Saint Brandon Archipelago
Saint Brandon, also known as the Cargados Carajos shoals, is an Indian Ocean archipelago about 430 km to the northeast of Mauritius. comprising a number of sand banks, shoals and islets. It is a group of outer islands with a total land area of 1.3 km², belongs to Mauritius and is administered by the Outer Island Development Corporation (OIDC). The reef measures more than 50 km from north to south, and is 5 km wide, cut by three passes.
The reef area is 190 km². The islands have a small transient population, mostly fishermen, 63 in number on census night (Census of 2001).
The majority of the population (~40) lives on Île Raphael, with smaller settlements existing on Avocaré, Coco, and Île du Sud.
A former settlement existed on Albatross Island, but was abandoned in 1988. The islands are rich in flora and fauna. They are classified as a dependency of Mauritius, which is more than 300 km to the south, and are administered from Port Louis. Cargados Carajos is part of the Mascarene Islands.
The atoll may have been discovered in the 7th century by Arabian sailors. It was named in 1506 by Portuguese sailors who put ashore for provisioning on their way to India. In 1598, the Dutch occupied the islands. The islands became a French protectorate in 1722 and passed into British hands in 1810.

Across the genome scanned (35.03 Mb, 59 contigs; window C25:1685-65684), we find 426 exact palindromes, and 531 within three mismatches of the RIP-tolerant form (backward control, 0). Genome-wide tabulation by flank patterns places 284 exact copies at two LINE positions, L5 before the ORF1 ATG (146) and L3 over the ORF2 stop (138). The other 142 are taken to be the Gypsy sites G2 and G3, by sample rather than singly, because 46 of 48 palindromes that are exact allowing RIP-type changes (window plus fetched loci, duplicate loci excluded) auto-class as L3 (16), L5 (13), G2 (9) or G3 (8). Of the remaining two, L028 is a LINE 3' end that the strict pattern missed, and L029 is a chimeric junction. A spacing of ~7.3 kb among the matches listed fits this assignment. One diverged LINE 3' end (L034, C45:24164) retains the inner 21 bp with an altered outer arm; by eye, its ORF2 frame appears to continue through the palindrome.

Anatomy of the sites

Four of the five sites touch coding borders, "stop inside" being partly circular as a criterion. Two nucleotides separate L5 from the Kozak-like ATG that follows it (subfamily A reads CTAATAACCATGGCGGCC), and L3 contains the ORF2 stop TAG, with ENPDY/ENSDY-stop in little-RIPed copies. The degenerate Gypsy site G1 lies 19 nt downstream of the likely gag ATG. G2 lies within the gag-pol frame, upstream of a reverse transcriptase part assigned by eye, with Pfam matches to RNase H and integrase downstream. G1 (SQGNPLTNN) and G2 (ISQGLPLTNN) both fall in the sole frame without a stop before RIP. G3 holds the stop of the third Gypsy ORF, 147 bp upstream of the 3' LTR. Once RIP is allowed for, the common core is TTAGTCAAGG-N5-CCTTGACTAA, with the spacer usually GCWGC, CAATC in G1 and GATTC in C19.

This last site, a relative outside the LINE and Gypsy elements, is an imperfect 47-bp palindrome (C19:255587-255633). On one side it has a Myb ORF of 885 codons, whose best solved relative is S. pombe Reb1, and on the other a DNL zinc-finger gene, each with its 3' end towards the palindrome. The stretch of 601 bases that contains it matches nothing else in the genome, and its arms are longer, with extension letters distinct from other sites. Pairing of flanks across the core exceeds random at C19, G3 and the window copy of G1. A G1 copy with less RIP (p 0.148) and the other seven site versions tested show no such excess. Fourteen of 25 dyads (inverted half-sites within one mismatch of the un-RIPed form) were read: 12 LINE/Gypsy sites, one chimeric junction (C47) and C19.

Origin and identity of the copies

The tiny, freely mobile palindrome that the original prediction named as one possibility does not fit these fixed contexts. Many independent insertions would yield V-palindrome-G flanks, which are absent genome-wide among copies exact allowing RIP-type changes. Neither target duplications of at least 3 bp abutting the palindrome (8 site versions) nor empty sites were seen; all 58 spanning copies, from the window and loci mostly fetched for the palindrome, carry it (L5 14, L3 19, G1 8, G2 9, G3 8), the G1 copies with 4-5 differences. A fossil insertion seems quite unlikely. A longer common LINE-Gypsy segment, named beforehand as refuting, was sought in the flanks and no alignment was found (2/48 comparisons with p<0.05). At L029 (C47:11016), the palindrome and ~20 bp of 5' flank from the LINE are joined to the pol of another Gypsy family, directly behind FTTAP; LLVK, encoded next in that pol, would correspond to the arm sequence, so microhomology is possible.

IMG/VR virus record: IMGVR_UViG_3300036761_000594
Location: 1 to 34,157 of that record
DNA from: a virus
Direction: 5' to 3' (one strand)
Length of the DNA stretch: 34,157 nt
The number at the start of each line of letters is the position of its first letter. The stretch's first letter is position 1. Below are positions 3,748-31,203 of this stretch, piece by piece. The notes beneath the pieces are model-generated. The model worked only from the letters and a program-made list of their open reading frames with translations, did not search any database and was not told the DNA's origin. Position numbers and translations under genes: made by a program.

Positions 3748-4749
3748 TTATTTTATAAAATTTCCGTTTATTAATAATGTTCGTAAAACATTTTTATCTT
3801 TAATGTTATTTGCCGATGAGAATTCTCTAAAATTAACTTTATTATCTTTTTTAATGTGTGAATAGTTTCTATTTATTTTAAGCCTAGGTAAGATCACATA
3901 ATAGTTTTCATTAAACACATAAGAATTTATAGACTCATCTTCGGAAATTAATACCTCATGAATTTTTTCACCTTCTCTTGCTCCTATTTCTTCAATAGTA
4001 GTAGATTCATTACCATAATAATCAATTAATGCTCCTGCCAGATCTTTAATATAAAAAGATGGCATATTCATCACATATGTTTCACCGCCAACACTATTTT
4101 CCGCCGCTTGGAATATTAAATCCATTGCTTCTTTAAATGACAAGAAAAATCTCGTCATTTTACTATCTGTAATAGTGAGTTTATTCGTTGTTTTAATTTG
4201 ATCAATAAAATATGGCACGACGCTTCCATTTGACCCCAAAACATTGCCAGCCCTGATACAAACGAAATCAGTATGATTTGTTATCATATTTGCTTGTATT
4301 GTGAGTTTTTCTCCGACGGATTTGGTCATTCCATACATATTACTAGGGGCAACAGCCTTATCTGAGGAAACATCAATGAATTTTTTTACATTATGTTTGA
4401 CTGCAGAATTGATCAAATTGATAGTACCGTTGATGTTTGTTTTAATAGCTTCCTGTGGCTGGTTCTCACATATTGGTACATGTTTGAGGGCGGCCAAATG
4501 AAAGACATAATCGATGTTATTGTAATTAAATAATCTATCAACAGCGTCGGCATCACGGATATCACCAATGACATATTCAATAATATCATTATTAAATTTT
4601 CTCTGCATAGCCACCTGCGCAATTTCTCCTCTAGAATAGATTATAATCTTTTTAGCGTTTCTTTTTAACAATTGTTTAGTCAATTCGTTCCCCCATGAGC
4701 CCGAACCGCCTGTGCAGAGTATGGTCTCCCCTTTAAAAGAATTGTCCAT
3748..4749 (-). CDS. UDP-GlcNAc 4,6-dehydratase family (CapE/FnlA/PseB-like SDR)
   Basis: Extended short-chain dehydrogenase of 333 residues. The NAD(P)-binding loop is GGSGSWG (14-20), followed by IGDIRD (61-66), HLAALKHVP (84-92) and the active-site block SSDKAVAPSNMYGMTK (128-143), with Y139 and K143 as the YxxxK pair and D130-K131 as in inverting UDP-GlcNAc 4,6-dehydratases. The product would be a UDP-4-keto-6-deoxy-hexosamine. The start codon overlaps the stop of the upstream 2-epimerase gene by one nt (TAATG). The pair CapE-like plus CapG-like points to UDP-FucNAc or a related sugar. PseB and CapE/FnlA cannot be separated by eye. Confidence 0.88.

Pirates have used the islands as a refuge. In modern times the islands were mined for phosphates derived from guano. Mining ceased in the mid-20th century.
The St. Brandon archipelago was surveyed by British colonial authorities on 31 March 1911 as part of the Census of Mauritius. This found a total population of 110, made up of 97 men (86 non-Indian and 11 Indian) and 13 women (10 non-Indian and 3 Indian). While the archipelago likely had a resident population at this point, as indicated by the 8 children under the age of 15 and the 5 people over the age of 60, there was also likely a seasonal component, with the largest population segment being men between 20 and 35. 73 men worked in fishing, 11 at the guano mines and 4 were ship’s carpenters. Only one (male) person was recorded as having been born on St. Brandon.
The 1911 census reported that three of St. Brandon’s 39 houses were built of stone and eight of wood, with 28 built of thatch. Most of these were single-room dwellings, but 10 had two rooms and one had three. There were also eight shops or stores and a one-room chapel.
Ten years later, the population had plummeted to just 22, as reported by the 1921 census. There were 21 were men (ages 19–48) and just one woman, a married Catholic, aged 31. 14 people were identified as part of the “general population”, with 11 of them born on Mauritius, one on Rodrigues and two in the Seychelles. In addition, there were 3 Indo-Mauritanians and 5 “other Indians” from Madras, Calcutta and Colombo.
The most common employment on St. Brandon in 1922 was agriculture, with a manager, assistant manager and 11 labourers. Only two young men were recorded as working as fishermen. Three men worked as carpenters, one as a mason, one as a shoemaker and another as a domestic servant. There was no indication that the guano mines were operating.